J. L. BELL is a Massachusetts writer who specializes in (among other things) the start of the American Revolution in and around Boston. He is particularly interested in the experiences of children in 1765-75. He has published scholarly papers and popular articles for both children and adults. He was consultant for an episode of History Detectives, and contributed to a display at Minute Man National Historic Park.

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Wednesday, November 23, 2016

Caroline Cox’s Young Continentals

Caroline Cox’s Boy Soldiers of the American Revolution was published earlier this year by the University of North Carolina Press.

Unfortunately, Cox, a professor at the University of the Pacific, passed away in 2014. She hadn’t finished writing all the book’s introductory material and may not have polished the text as much as she’d planned after feedback from her colleagues.

Cox’s friends pushed the book through to completion. Robert Middlekauff, author of The Glorious Cause, provided a foreword to take the place of the preface and acknowledgments Cox never got to write.

As published, the book shows no obvious yawning gaps, but there are some potholes. The most obvious glitch is on page 52: in the middle of a long quotation appears “(CHK),” Cox’s note to herself to go back and confirm that transcription. (I’m likewise dubious about the five exclamation points on page 144.) Daniel Granger of Andover, who served in the siege of Boston, is referred to as “David.” And I came away from the book wondering if Cox might have added a further layer of analysis to pull everything together if she’d just had more time with this manuscript.

Cox’s earlier book, A Proper Sense of Honor: Service and Sacrifice in George Washington's Army, explored the class differences between officers and enlisted men in the Continental Army. She returned to the same main set of sources—Revolutionary War pension applications—for Boy Soldiers, focusing on pensioners who had joined the army at the age of sixteen or younger. In addition, Cox drew on a few memoirs of long-lived soldiers, the recollections from men of the same age who didn’t go to war, the experiences of American boys who fought in other wars before and after the Revolution, and general studies of childhood.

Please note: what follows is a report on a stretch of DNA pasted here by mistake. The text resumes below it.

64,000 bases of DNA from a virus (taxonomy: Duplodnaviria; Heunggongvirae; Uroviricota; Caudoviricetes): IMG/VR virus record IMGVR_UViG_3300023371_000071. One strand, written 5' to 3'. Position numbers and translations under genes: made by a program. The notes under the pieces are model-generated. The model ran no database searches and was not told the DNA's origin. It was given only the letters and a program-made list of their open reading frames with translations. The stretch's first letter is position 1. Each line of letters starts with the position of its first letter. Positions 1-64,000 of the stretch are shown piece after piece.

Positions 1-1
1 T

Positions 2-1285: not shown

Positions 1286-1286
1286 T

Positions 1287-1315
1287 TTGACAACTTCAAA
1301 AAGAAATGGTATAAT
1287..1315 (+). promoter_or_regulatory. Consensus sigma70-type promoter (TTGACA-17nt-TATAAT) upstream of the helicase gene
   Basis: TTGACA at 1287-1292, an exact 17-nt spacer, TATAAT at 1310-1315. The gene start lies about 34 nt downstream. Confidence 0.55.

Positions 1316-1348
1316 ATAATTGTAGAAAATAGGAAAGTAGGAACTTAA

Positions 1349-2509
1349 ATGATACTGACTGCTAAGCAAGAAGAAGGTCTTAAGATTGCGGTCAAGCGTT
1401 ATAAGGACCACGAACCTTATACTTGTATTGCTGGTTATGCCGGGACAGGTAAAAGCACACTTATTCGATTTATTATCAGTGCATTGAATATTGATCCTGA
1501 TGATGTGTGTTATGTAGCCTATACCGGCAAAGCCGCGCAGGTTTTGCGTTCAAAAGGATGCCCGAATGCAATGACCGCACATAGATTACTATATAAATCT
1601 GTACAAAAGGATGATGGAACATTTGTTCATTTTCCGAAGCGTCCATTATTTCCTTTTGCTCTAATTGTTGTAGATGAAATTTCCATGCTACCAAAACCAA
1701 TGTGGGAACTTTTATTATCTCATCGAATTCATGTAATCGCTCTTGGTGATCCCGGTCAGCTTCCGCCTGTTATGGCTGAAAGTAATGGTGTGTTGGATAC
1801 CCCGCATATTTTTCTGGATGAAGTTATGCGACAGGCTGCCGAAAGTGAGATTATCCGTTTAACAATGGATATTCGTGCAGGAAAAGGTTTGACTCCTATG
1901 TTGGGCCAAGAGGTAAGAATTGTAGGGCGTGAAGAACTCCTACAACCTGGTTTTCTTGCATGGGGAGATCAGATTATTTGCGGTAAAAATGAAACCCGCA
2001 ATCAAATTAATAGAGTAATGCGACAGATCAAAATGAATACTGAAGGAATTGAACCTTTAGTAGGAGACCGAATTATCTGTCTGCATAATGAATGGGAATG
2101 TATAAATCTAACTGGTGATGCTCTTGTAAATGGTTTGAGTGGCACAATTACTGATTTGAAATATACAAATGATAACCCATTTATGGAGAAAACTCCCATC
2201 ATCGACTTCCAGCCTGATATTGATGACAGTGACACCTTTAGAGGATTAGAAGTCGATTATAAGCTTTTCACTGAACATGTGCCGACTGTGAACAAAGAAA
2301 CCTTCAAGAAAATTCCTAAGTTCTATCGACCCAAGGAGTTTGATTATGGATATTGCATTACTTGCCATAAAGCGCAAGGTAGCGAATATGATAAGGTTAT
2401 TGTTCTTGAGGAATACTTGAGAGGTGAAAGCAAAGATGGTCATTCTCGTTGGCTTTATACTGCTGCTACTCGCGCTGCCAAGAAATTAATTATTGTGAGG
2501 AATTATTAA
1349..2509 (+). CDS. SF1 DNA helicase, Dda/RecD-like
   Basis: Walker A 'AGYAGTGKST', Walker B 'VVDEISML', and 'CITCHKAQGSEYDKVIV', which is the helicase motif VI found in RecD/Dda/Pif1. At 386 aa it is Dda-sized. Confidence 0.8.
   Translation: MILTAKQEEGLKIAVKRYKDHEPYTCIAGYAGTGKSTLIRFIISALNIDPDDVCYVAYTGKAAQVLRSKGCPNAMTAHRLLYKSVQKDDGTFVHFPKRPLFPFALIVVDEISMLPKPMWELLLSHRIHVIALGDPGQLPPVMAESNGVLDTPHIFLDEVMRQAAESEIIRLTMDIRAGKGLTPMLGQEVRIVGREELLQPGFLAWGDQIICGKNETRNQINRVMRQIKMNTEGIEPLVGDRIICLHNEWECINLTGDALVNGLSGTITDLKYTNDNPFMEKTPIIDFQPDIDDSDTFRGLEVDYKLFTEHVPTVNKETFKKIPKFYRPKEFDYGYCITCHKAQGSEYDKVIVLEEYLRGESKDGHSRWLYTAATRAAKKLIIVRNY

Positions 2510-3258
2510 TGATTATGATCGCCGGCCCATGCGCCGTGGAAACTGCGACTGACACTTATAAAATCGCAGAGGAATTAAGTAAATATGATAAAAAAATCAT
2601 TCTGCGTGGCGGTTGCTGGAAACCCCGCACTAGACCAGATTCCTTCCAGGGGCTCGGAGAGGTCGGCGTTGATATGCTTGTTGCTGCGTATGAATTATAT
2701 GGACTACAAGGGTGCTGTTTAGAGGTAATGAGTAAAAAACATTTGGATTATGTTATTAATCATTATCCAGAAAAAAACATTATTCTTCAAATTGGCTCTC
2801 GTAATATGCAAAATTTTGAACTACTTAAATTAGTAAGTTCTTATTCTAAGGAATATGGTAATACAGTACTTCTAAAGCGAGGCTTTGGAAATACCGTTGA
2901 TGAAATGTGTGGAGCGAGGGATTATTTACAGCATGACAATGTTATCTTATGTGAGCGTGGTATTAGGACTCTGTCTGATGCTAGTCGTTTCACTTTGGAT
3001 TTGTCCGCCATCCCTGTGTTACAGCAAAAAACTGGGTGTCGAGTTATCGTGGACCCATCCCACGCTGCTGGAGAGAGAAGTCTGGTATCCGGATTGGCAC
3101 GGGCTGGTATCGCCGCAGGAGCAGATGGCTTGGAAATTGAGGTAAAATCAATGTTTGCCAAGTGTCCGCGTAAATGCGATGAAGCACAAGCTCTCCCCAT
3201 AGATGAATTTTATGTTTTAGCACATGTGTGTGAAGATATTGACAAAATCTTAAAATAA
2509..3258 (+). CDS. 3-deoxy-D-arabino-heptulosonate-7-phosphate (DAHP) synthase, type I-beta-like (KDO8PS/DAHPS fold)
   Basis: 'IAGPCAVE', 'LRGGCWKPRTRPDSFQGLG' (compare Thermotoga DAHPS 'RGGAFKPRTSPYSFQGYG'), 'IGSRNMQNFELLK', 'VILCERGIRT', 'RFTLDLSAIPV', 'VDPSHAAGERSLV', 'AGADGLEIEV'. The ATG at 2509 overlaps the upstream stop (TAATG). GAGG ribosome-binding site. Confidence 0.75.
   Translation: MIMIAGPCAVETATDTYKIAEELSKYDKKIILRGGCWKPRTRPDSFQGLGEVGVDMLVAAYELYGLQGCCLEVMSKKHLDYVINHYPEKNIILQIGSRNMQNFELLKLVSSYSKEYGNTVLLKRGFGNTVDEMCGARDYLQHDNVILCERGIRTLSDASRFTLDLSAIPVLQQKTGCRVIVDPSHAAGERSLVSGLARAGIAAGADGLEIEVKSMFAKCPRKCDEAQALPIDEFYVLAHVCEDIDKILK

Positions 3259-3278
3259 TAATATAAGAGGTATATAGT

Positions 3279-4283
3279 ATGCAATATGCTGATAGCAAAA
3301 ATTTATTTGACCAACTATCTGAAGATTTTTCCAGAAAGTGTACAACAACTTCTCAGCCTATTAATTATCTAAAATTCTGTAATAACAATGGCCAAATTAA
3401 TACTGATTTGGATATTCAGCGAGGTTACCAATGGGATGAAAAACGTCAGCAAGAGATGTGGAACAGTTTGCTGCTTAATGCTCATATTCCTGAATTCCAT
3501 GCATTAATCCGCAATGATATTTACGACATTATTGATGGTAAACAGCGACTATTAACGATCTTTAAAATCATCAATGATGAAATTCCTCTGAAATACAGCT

Many young Continentals were musicians, others became servants for officers, but some were (at least nominally) infantrymen. Smaller muskets, lighter drums, and the introduction of fifes into martial music made it possible for boys to fill those roles in the eighteenth-century military, Cox wrote. At the same time, British-American society was raising the age at which it expected males to do such work, so there would be far fewer under-seventeen soldiers in the War of 1812.

Often boys enlisted with their older brothers, fathers, or other relatives. Even if they were the only family members to go to war, the way the Continental Army was organized meant soldiers usually served in a company with their neighbors. “Boys rarely served without being near someone they knew,” Cox concluded.

During the Seven Years’ War, the book reports, soldiers had a poor reputation and American families had tried to keep their young sons out of the army. The Revolutionary War was different, perhaps because the cause seemed more immediate or more noble. Many veterans recalled their fathers or even their mothers encouraging them to enlist. And perhaps the Continental enlistment terms were better.

On privateers, boys usually earned half of a man’s share. In farm work, they tended to be paid about two-thirds of a man’s wages. In contrast, the Continental Army made no distinction between a fifteen-year-old soldier and a twenty-five-year-old—they got equal pay. (For many young soldiers that pay remained abstract, however; the money went to a relative or guardian.)

After the first years of the war, local drafts were the usual way for young soldiers to enter the Continental Army. A household would become responsible for supplying a soldier, and an adolescent with a greater sense of adventure and lesser responsibilities seemed like the best candidate, even if he was under seventeen. Cox wrote, “When young boys of any race substituted for their fathers and other male relatives or friends, they gave no indication later that they felt exploited. Indeed, the vast majority of substitutes, men or boys made no comment upon it other than that it happened.”